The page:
– From the inside, the outside can be seen, but the inside cannot be seen from the outside.
– It employs every variety of projectile-based weapon, including long-ranging cannon such as Chon (Heaven), Chi (Earth), Hyon (Black) and Hwang (Yellow).
– As such, it is able to roam freely and unopposed amid many hundreds of enemy ships.
The Kobukson was mounted with a dragon’s head at the bow, and a turtle’s tail at the stern. It had two decks, a lower deck for oarsmen and the storage of supplies, and an upper deck for archers and gunners. It was specially designed so that its sailors could see their enemies outside while themselves remaining invisible.
In the naval warfare of the day, it was usual to attempt to board an opponent’s ship and engage him in hand to hand combat. The Kobukson was designed with a view to making this kind of assault particularly difficult. Not only was the ship roofed over, protecting both combat(45) and non-combat(80) personnel alike, but the roof itself was fitted with deadly iron spikes, often concealed beneath innocent-looking straw mats.
Unlike other warships, the Kobukson had guns stationed not only along its sides, but also in the bow and in the stern, allowing it unprecedented accuracy and flexibility of range in fire power. The dragon head was designed not only to ‘breathe out’ flaming arrows and cannon balls, but also sulphurous fumes and clouds of smoke, which provided the Korean Navy with cover for tactical maneuvers, as well as frightening the more superstitious of the Japanese sailors.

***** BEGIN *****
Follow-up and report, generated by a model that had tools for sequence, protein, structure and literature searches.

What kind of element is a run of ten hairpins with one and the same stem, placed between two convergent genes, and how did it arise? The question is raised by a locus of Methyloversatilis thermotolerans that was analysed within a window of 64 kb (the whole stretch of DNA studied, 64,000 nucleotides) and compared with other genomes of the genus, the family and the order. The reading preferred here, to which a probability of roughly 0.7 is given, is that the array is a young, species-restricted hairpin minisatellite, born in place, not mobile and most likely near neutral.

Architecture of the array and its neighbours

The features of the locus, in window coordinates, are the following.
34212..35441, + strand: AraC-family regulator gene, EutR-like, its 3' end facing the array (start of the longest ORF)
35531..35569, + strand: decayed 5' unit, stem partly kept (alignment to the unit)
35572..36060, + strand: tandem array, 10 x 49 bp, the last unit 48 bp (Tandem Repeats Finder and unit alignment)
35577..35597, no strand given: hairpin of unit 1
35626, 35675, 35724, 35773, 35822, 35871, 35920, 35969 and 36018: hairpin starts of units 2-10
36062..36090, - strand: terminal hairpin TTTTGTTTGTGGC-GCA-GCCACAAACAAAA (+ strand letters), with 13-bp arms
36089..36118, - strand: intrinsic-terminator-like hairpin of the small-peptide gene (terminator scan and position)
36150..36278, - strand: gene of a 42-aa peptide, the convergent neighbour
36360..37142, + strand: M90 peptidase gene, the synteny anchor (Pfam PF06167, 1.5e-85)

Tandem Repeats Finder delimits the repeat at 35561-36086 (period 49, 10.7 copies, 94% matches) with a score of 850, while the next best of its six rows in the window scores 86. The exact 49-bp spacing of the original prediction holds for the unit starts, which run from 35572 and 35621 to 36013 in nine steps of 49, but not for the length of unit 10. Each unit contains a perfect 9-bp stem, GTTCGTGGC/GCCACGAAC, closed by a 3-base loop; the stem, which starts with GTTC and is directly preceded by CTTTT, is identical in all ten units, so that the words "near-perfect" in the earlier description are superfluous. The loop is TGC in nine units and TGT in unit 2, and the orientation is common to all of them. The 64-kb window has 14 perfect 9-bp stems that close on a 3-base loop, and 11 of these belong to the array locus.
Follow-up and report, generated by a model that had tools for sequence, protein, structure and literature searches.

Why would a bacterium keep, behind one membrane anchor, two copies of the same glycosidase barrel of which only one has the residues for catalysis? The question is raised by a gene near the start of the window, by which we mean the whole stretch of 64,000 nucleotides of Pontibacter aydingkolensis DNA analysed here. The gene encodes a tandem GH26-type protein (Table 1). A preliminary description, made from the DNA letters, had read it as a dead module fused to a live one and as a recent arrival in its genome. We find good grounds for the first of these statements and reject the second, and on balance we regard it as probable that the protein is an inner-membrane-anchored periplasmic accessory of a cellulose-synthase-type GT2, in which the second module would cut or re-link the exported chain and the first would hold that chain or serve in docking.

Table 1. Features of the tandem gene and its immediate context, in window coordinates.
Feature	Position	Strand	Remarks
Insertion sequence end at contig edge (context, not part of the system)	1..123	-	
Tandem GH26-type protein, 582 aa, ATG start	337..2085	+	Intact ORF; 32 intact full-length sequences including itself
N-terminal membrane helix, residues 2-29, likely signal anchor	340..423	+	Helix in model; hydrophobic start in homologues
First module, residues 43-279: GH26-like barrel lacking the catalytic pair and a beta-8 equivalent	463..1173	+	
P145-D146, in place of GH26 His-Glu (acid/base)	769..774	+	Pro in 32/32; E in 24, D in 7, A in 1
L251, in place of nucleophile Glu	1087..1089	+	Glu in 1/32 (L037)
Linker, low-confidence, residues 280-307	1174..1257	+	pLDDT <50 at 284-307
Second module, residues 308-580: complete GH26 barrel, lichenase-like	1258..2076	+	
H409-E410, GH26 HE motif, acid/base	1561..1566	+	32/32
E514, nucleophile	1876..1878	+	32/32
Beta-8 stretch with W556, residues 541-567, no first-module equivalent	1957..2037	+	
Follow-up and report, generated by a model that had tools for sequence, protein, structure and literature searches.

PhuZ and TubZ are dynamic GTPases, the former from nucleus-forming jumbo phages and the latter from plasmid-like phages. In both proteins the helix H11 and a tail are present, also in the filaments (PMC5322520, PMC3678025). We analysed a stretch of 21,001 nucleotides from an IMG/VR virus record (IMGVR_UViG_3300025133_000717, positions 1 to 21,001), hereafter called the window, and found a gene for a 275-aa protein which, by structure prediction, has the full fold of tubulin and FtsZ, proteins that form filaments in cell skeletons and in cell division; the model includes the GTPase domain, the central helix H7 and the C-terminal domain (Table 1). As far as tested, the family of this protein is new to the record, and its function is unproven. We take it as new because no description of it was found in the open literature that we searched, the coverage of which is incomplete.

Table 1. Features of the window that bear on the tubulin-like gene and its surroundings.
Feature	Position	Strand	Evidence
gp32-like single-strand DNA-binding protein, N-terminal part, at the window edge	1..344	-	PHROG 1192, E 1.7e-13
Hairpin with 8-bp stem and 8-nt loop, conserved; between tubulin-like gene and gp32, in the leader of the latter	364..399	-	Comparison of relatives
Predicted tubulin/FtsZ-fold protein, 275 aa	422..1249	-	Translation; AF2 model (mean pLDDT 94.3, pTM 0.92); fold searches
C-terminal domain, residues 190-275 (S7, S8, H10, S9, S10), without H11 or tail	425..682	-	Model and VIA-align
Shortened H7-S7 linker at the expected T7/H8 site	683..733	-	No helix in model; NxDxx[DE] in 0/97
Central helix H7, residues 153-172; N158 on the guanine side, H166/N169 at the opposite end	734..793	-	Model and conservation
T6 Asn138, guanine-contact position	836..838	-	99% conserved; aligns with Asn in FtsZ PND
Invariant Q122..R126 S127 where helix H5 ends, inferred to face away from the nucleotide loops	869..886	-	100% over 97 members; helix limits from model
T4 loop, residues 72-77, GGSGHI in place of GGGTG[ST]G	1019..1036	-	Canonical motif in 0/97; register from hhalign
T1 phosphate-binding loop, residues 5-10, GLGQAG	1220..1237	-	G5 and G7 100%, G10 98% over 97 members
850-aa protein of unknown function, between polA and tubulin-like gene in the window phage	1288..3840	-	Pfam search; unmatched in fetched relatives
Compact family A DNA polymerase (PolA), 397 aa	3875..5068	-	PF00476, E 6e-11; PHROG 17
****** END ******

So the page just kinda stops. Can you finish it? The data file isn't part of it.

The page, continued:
A little below the bow, there protruded the head of a gargoyle, which served as a charging device, and together with the dragon head constituted the secret of the Kobukson’s tactic of ramming. In battle, the Kobukson would charge an enemy ship and, once the gargoyle’s head had breached its hull, cannon balls would be fired from the dragon’s head into the breach as the ship withdrew. The gargoyle had the further effect of improving the ship’s hydrodynamic performance by cutting the waves as the ship sped along, thus increasing its ramming speed.
Two further features of the Kobukson made it particularly serviceable for the execution of this tactic. First, it was built with Red Pine timbers no less than 12cm in diameter; the advantage offered by this type of wood was that its relative density of 0.73 was much higher than that of average timber, which lay typically between 0.41-0.47. Secondly, wooden nails were used in the construction of the Kobukson; unlike metal, which was quick to rust, the wooden nails absorbed water and expanded, and thus over time the joints became more secure. Indeed, the Kobukson as a whole was constructed on this principle: support beams were fitted to the roofs by means of a system of matching indentations and interlocking teeth, thus making the entire structure of the vessel stronger and more resilient.